The Configuration utility includes a feature known as the network map. The network map feature shows a summary of local traffic objects, as well as a visual map of the virtual servers, pools, and pool members on the BIG-IP system. For both the local traffic summary and the network map, you can customize the display using a search mechanism that filters the information that you want to display, according to criteria that you specify. The system highlights in blue all matches from a search operation.
You can filter the results of the network map feature by using the Type and Status lists in the filter bar, as well as a Search box. With the Search box, you can optionally type a specific string. Figure 1.1 shows the filtering options on the Network Map screen.
When using the Search box, you can specify a text string that you want the system to use in a search operation. The default is asterisk ( * ). The settings of the Status and Type fields determine the scope of the search. The system uses the specified search string to filter the results that the system displays on the screen.
For example, if you constrain the search to include only unavailable nodes whose IP address includes 10.10, the operation returns those nodes, along with the members of the pool, the pool itself, the associated virtual server, and any iRules that you explicitly applied to that virtual server. The system sorts results alphabetically, by virtual server name.
The system supports searching on names, IP address, and IP address:port combinations, in both IPv4 and IPv6 address formats. The system processes the string as if an asterisk wildcard character surrounds the string. For example, you specify 10, the system effectively searches as if you had typed *10*. You can also specifically include the asterisk wildcard character. For example, you can use the following search strings: 10.10.10.*:80, 10.10*, and *:80. if you specifically include a wildcard character, the system treats the string accordingly. For example, if you specify 10*, the system assumes you want to search for objects whose IP addresses begin with 10.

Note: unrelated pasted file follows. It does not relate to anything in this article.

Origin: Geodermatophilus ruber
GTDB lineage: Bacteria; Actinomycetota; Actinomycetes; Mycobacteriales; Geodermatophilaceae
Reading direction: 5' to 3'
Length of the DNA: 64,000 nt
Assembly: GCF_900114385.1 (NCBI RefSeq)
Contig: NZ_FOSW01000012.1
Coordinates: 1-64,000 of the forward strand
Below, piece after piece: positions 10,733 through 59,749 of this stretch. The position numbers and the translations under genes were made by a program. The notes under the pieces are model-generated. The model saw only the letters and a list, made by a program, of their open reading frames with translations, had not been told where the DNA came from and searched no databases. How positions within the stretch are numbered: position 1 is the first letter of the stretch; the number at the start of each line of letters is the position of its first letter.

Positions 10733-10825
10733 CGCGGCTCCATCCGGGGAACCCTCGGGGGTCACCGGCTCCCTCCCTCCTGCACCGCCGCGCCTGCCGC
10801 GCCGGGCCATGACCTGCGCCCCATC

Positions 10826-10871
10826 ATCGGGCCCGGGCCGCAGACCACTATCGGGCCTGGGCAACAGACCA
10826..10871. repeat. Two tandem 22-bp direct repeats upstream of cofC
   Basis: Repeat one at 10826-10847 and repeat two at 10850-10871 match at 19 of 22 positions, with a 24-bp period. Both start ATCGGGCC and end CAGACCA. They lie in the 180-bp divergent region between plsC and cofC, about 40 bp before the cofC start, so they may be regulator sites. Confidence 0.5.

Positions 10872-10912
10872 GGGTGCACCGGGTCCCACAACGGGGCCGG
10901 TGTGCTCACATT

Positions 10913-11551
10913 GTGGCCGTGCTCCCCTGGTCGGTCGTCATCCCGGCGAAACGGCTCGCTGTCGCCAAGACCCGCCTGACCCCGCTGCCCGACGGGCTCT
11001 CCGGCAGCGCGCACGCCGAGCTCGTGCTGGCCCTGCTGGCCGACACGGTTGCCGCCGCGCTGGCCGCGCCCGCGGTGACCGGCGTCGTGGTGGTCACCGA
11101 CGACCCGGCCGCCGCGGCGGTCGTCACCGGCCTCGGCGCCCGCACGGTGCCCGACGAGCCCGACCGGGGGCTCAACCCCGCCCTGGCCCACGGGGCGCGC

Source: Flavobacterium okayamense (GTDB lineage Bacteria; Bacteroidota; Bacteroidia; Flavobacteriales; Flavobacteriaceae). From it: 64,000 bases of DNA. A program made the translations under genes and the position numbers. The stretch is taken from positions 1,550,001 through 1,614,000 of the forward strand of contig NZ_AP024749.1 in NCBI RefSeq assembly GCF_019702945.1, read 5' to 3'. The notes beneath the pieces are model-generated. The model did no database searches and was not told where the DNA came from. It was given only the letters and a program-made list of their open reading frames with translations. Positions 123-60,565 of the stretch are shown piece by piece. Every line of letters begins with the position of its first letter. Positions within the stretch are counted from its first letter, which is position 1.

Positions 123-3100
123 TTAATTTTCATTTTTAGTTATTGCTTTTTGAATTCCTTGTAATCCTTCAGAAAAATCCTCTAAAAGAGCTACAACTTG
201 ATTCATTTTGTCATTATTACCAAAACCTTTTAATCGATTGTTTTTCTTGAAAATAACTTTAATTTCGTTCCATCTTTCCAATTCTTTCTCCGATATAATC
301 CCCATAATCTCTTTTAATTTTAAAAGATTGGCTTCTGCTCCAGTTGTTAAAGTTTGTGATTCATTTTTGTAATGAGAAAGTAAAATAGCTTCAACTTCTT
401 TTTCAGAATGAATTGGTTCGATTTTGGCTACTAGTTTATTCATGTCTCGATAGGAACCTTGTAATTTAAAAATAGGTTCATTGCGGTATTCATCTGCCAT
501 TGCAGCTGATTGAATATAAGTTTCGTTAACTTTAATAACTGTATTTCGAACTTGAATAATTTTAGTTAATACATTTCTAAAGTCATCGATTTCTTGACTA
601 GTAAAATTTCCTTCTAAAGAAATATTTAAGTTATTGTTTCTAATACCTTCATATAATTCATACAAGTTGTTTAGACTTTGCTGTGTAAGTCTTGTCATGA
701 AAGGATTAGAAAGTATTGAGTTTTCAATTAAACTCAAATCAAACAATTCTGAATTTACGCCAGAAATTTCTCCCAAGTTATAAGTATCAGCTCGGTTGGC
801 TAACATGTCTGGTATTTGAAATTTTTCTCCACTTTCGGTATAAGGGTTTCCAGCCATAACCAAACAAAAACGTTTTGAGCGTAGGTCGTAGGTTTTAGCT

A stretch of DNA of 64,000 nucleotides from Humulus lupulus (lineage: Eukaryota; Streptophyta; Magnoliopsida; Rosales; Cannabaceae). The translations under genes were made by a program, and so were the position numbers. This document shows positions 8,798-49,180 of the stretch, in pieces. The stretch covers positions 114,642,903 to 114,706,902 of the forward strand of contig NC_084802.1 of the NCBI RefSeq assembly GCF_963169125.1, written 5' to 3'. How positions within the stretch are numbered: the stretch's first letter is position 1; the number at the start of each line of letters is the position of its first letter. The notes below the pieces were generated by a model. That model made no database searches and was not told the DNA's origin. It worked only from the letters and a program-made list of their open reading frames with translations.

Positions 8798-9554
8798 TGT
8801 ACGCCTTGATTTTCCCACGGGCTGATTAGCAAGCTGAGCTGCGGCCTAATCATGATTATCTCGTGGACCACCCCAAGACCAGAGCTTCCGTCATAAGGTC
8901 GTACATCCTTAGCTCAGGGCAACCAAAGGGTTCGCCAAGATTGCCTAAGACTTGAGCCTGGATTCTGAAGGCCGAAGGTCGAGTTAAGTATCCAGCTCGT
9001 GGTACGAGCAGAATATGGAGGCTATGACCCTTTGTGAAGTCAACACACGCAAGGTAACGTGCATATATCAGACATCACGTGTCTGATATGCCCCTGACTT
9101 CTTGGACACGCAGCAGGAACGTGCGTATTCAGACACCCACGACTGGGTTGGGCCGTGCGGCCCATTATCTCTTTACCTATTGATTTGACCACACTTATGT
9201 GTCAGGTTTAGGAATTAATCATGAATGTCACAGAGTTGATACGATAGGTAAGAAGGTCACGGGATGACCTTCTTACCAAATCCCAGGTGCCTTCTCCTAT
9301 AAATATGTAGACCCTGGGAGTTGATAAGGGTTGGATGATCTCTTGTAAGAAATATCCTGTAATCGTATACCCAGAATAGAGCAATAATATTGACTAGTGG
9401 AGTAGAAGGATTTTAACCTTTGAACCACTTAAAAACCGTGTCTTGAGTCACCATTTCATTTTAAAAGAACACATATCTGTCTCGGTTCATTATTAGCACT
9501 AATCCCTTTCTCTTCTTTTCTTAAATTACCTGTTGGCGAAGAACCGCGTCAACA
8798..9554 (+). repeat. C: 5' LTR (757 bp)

Tip: Browsers have limits as to how much data they can render before they become sluggish and halt processing. Mapping large configurations might approach those limits; therefore, memory constraints might prevent the system from producing a network map of the whole configuration. If this might happen, the system posts an alert indicating that you can use the Network Map summary screen to determine the complexity of the configuration, which can give you an indication of the size of the resulting map. You can modify the search criteria to return fewer results, producing a map that does not encounter those limits.
When you first open the Network Map screen, the screen displays a summary of local traffic objects. This summary includes the type of objects specified with the search mechanism, the number of each type of object, and, for each object type, the number of objects with a given status.
Note: A local traffic summary includes only those objects that are referenced by a virtual server. For example, if you have configured a pool on the system but there is no virtual server that references that pool, the local traffic summary does not include that pool, its members, or the associated nodes in the summary.
Figure 1.2, shows an example of a network map screen that summarizes local traffic objects on the system.
For each object type listed in the summary, the system shows the number of objects with each type of status. Table 1.3 shows the various status indicators that the summary screen can display for a local traffic object.
Status indicator
The objects are enabled but are currently unavailable. However, the objects might become available later, with no user action required.
An example of an object showing this status is a virtual server whose connection limit has been exceeded. When the number of connections falls below the configured limit, the virtual server becomes available again.
The objects are enabled but offline because an associated object has marked the object as unavailable. To change the status so that the object can receive traffic, you must actively enable the object.
1.